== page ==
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Game Profile
FINAL SCORES
8.9
Visuals
7.5
Audio
9.0
Gameplay
9.5
Features
7.5
Replay
8.0
INFO BOX
PLATFORM:
Xbox
PUBLISHER:
Eidos Interactive
DEVELOPER:
IO Interactive
GENRE: Action
PLAYERS:   1
RELEASE DATE:
October 01, 2002
ESRB RATING:
Mature
IN THE SERIES
Hitman

Hitman 5

Hitman: Blood Money

Hitman: Blood Money

Hitman: Blood Money

More in this Series
 Written by Ryan Smotherman  on November 04, 2002

Full Review: His name is 47, for the 47 bullet holes he'll put through your body if you decide rub his bald head for good luck.


Silent Assassin is IO-Interactive's sequel to their mediocre third-person PC action title, Hitman: Codename 47, and after playing the game for countless hours, I can honestly say it's one of the most entertaining games that I've played this year. The game once again introduces players to the genetically engineered Agent 47, who has since retired into the island of Sicily after the events of that took place during the original. 47, now a regretful man, has turned to religion and is trying hard to be forgiven for his sins, which mainly consists of killing countless people in cold blood (good luck there buddy). But his peacefulness is soon put to rest as his land is invaded and his Priest, and close friend, is kidnapped and the assailants are asking for quite a lump sum of money. This of course brings 47 back into action, doing what he does best ? he's a hitman for hire, killing, quietly and swiftly.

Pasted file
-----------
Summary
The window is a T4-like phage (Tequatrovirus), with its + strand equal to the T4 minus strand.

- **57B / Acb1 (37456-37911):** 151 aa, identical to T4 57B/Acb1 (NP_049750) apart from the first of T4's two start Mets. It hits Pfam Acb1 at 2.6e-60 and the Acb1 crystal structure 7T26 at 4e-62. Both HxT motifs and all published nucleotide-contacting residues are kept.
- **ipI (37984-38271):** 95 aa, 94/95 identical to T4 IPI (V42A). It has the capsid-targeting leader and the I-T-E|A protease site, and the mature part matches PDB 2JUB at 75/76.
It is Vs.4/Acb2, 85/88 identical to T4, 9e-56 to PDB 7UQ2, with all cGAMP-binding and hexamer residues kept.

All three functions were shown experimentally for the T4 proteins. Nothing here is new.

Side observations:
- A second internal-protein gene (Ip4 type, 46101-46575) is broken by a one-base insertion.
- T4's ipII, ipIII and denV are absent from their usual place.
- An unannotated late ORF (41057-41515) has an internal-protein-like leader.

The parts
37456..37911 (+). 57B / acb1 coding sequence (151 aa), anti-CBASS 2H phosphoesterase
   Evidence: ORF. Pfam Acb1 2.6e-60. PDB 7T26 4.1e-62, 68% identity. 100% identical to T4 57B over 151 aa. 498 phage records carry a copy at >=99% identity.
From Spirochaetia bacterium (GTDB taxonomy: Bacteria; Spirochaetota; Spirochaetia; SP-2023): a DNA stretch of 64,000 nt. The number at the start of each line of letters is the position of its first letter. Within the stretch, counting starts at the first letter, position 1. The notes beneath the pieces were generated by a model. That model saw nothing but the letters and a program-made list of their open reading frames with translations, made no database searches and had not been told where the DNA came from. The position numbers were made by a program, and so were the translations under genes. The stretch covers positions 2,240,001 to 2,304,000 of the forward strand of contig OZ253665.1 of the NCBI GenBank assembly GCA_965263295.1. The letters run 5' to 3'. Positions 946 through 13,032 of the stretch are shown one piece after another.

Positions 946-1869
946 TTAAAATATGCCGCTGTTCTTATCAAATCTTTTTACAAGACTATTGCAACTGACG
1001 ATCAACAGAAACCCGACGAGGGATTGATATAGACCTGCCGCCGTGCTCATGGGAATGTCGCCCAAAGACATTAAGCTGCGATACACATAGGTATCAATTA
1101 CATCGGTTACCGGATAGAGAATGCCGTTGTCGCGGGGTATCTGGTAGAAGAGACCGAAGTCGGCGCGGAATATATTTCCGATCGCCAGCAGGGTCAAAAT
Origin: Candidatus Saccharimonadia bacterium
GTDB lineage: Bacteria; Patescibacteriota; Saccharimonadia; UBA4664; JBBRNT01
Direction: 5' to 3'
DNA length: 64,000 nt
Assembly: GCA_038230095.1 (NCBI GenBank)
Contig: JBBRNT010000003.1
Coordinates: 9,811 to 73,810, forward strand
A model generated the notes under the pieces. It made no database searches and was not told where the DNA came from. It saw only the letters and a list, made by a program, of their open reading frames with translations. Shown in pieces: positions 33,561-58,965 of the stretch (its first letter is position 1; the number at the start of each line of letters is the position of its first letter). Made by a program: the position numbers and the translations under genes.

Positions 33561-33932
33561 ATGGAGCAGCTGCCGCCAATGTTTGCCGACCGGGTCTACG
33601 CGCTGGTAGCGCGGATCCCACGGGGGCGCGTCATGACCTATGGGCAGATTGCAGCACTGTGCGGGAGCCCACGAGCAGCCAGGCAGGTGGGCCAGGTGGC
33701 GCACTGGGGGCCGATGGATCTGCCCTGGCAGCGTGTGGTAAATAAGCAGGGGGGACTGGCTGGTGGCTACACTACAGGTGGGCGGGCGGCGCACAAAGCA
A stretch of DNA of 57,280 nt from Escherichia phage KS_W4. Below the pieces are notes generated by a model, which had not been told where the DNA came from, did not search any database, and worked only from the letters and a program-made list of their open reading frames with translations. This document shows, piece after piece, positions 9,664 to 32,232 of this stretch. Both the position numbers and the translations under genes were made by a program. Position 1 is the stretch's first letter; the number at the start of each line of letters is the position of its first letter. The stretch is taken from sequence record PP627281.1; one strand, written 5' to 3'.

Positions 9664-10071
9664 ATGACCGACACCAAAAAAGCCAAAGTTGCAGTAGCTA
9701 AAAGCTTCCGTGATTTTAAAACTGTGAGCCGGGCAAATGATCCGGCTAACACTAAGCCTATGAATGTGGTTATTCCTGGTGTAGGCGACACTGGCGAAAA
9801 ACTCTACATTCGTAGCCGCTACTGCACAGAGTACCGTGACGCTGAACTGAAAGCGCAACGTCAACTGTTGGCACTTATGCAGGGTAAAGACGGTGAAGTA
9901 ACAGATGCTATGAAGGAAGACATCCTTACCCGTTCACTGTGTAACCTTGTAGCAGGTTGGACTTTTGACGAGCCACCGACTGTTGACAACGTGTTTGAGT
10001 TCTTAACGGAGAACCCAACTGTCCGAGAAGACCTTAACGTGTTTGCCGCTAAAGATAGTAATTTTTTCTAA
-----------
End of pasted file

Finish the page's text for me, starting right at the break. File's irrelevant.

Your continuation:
After the game's introductory opening, you find yourself preparing for the first mission by going over your arsenal of moves. 47 has a diverse range of techniques at your disposal ? including the ability to crouch, sneak, look around corners, etc. ? and thankfully the controls are mapped out very well and a synch to learn. The analog sticks controls the movements and camera exactly like the standard Halo set-up, and the buttons do you typical things, such as shoot, reload, open up maps and menus, and so on.

Hitman 2's gameplay is simply fantastic, combining attributes of both stealth and combat into one intense, highly entertaining experience. The game's level designs are what really shine here. They're designed so that you could go through undetected, sparing many lives, or a full on action assault, where the only one left standing is yourself. Personally, I was really surprised just how much emphasis is put on stealth in the game. The number of things you can do to avoid being spotted justifies this. Most of important of which is the art of disguise. If you want to get anywhere in the game, you're going to have to be good at killing people (mainly guards), dragging their bodies out of sight, and taking their outfit in an effort to blend in. The amazing part is just how realistic it can be, not to mention intense. For instance, you'll be killing a lot of guards and taking their outfits throughout the game, and it's interesting to see how the other guards respond to this. Walk by them and they'll scratch their heads trying to think about who you are, and if you get too close they'll usually get too suspicious and end up shooting you, ending your mission real fast. Doing anything apprehensive while dressed like a guard, like running, will also draw some unwanted attention. But there is just something amazing cool about sneaking around in an enemy base dressed like them, doing your damnedest to not get caught. All this leads to a lot of thinking on the player's part, but that my friends is just the beginning.